- Support the comprehensive implementation of SEPs. To strengthen the application of SEPs throughout the project cycle, Borrowers should include line-item budgets with adequate resources to support all planned activities within the SEP. Moreover, the Bank and Borrowers should specify in the SEP and the Environmental and Social Commitment Plan (ESCP) who is responsible for updating and disclosing the SEPs and when the updated SEP will be disclosed. Consistency of responsibilities across project documents will help prevent the failure to disclose the updated SEP and promote greater accountability.
Despite the challenge the pandemic presents in engaging stakeholders, meaningful stakeholder engagement in COVID-19 response projects is still crucial, especially as the effects of the pandemic have affected marginalized groups the most. This will not be the last time the Bank and Borrowers are faced with preparing and approving projects on a rapid timeline. At all times and especially during times of crisis, the Bank must uphold its commitments to inclusive stakeholder engagement and prevent the exclusion of marginalized groups, who continue to disproportionately suffer the impacts of emergencies.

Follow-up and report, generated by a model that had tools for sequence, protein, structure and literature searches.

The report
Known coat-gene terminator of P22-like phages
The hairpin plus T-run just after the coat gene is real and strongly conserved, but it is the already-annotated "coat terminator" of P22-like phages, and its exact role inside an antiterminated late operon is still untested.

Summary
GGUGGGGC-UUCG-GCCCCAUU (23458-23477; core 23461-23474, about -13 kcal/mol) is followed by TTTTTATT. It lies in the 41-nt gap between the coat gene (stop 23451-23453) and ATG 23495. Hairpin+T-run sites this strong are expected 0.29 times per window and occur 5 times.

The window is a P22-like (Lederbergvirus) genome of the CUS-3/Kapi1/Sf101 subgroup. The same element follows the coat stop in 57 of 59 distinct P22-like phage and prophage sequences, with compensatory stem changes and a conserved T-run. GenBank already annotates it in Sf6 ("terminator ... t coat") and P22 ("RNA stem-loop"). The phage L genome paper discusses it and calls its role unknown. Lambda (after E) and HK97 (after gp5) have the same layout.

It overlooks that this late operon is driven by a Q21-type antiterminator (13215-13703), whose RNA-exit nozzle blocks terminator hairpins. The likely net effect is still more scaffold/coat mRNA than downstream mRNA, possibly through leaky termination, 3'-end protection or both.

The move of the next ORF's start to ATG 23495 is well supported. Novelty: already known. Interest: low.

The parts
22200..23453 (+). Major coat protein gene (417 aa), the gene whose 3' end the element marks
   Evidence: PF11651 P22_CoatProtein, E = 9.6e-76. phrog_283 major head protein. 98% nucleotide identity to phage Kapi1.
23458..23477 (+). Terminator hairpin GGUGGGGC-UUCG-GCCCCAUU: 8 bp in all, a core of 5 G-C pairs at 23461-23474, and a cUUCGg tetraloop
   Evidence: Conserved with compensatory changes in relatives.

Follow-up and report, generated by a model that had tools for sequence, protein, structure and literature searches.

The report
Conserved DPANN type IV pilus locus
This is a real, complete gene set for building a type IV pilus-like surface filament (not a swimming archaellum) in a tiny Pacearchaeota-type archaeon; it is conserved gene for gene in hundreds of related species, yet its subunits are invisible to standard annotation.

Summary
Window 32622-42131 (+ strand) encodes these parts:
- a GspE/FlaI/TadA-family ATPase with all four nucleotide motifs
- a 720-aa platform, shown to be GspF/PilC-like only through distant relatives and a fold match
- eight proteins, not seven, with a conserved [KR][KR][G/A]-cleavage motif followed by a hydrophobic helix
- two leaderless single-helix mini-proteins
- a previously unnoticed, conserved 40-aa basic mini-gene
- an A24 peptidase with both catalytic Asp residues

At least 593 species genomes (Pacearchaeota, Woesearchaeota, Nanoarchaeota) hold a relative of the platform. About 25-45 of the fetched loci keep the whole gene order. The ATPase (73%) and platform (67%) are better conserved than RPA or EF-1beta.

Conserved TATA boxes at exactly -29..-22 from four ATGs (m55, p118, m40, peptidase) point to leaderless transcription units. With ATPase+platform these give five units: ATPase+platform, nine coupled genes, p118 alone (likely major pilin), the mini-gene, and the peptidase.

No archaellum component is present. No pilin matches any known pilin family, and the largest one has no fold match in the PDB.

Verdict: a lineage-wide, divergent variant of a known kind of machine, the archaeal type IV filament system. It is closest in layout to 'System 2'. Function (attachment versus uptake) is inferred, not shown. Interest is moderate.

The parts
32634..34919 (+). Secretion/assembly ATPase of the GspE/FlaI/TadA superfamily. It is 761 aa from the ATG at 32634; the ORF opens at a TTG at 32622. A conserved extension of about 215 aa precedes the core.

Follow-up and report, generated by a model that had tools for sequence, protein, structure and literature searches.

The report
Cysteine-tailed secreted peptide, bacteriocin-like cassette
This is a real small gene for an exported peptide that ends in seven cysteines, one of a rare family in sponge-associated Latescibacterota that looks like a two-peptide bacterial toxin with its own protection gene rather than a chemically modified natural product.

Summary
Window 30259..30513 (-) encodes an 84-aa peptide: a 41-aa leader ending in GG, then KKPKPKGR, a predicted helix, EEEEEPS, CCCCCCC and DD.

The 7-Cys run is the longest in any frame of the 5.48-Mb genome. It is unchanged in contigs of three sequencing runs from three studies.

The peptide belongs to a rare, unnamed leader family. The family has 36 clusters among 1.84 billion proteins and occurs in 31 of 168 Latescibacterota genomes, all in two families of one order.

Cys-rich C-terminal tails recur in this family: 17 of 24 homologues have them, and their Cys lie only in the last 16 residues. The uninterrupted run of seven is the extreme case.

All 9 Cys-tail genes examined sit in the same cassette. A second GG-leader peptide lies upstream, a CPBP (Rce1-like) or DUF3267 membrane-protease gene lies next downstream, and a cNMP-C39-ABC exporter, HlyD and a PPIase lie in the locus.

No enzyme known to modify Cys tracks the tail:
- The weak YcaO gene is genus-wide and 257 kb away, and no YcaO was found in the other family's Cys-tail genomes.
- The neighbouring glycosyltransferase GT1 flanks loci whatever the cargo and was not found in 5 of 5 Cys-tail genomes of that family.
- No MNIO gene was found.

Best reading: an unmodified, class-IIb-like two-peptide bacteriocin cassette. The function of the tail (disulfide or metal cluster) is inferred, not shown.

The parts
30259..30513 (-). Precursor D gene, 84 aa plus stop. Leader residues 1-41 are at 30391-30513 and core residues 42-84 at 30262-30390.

For more information, please read the full report here.
Photo courtesy of Centre for Human Rights and Rehabilitation